- by Diane Ferguson

While we are dealing with the pandemic and the multitude of things in our daily lives, Doug Ford is about to change forever a system of conservation management that has served Ontario well since 1949. Before I go into the details, the first thing to understand about Conservation Authorities is that they only exist through the will of the people—that’s us.

Back in the 1940’s, citizens were concerned with the state of Ontario’s natural resources. Poor land, water and forestry practices during the 1930’s and 1940’s, drought and deforestation, led to extensive soil loss and flooding. People were upset and this resulted in the Conservation Authorities Act of 1946.

As per the act, a Conservation Authority could only be formed if residents reached a point where they were willing to request the government of Ontario to form an Authority. In doing this, local residents also had to contribute to the Authority and assume the burden of running the body known as the Conservation Authority. People living close to the problems were required to recognize and solve them. Solutions were to be from the ground up, not imposed from above.

Because of this arrangement, cost sharing was to be between the municipalities—our most local and direct form of government—and by the provincial government. To this day, most of the funding comes from the municipality.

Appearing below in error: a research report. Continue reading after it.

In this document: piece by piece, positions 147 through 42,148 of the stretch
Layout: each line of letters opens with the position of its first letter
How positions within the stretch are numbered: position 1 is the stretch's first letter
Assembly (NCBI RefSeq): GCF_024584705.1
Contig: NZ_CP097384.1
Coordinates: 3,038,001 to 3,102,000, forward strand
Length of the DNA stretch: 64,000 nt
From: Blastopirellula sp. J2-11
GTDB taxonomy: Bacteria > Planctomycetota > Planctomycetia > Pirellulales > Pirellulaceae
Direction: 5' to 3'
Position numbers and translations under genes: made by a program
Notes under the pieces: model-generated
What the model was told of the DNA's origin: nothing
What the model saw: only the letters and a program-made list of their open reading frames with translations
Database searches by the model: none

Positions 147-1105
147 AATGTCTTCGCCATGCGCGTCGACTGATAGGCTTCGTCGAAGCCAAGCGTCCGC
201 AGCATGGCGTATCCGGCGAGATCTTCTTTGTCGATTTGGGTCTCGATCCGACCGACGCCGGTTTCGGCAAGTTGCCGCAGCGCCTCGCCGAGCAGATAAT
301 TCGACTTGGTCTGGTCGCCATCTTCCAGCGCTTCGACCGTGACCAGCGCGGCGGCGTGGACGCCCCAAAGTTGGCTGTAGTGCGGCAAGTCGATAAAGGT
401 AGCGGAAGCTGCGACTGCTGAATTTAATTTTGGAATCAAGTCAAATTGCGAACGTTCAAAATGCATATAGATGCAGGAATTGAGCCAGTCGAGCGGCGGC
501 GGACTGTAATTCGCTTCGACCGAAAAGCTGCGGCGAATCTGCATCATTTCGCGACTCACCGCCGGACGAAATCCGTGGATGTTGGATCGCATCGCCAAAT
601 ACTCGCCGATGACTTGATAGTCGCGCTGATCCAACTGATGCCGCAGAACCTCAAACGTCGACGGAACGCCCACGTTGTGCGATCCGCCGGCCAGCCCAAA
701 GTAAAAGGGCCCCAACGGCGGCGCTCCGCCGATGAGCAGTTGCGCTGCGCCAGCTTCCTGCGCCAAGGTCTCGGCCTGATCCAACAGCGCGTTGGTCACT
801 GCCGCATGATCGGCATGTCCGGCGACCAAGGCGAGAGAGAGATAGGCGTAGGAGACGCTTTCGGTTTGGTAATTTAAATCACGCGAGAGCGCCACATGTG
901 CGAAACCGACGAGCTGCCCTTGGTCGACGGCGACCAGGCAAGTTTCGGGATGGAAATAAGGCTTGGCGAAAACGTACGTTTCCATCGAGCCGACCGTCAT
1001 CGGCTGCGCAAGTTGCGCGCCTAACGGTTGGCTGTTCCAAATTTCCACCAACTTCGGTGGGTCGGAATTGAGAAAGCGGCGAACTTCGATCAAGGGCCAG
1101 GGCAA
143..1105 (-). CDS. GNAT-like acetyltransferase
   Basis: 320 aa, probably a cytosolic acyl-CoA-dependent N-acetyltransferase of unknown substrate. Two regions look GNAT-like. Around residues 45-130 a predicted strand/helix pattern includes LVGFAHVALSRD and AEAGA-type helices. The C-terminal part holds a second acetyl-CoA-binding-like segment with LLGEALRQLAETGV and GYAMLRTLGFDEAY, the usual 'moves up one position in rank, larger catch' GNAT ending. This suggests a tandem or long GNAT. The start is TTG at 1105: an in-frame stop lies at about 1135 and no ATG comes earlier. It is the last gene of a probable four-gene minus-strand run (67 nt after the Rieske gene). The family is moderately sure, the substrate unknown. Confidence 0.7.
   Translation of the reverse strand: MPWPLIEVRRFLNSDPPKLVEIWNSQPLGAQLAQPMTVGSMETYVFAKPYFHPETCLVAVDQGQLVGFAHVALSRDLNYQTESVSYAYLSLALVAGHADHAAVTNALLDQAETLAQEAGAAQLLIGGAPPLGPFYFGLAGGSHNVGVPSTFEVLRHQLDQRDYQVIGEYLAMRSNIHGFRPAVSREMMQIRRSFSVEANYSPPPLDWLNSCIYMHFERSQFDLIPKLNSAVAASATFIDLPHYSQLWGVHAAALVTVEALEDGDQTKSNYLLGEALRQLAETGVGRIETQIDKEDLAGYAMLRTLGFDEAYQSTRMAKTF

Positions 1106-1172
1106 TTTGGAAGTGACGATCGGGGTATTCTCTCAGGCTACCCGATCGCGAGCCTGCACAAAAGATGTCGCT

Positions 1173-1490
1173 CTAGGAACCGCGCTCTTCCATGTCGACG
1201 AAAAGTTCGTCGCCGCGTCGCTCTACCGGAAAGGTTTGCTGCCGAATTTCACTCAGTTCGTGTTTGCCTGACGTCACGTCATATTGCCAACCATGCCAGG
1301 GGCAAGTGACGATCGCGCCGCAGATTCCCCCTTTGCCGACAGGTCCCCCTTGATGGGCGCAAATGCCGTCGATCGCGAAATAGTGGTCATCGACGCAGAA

But it was Hurricane Hazel in 1954 that mobilized the need for managing Ontario’s watersheds on a regional basis. The Conservation Authorities Act was amended to enable Conservation Authorities to acquire lands for recreation and conservation, and to regulate that land for the safety of the community: to protect life and property, river valleys from building encroachment and erosion problems.

Since their implementation, Conservation Authorities were set up to have jurisdiction over one or more watersheds. By its power to establish regulations, Conservation authorities are charged with flood management within their watershed. As the climate changes and we see more and more flooding, this issue is just as important today as it was after Hurricane Hazel. Whatever your thoughts on climate change, we can all acknowledge the increase in flooding and other natural weather events. If not properly managed, people can lose their homes, their lives, soil is eroded, infrastructure is damaged. And it is the taxpayer who will end up paying for the recovery, not the developers.

Yet Doug Ford is set to take the authority away from our Conservation Authorities, away from us, the people. In the current Bill 229, an omnibus budget bill, there exists Schedule 6 which will take away our ability to protect our wetlands, our forests, our wildlife habitat and natural spaces and give huge new powers to developers.

Because this is hidden in the budget bill, it is not getting the attention it deserves. And it is about to be passed quickly.

Remember, the Conservation Authorities exist because of the will of the people. We, the people, need to stand up for our rights, for our local representation. We do not need Queen’s Park managing our resources. And this affects all of us: farmers, hunters, naturalists. We should all be calling Bill Walker’s office, writing letters to our Premier, asking them to remove Schedule 6 from the Budget Bill. And we have to do it now, before it’s too late.

I would also ask our local councils to be requesting the same. This affects us all.

For more information and for much of the source of this letter, please visit: conservationontario.ca.





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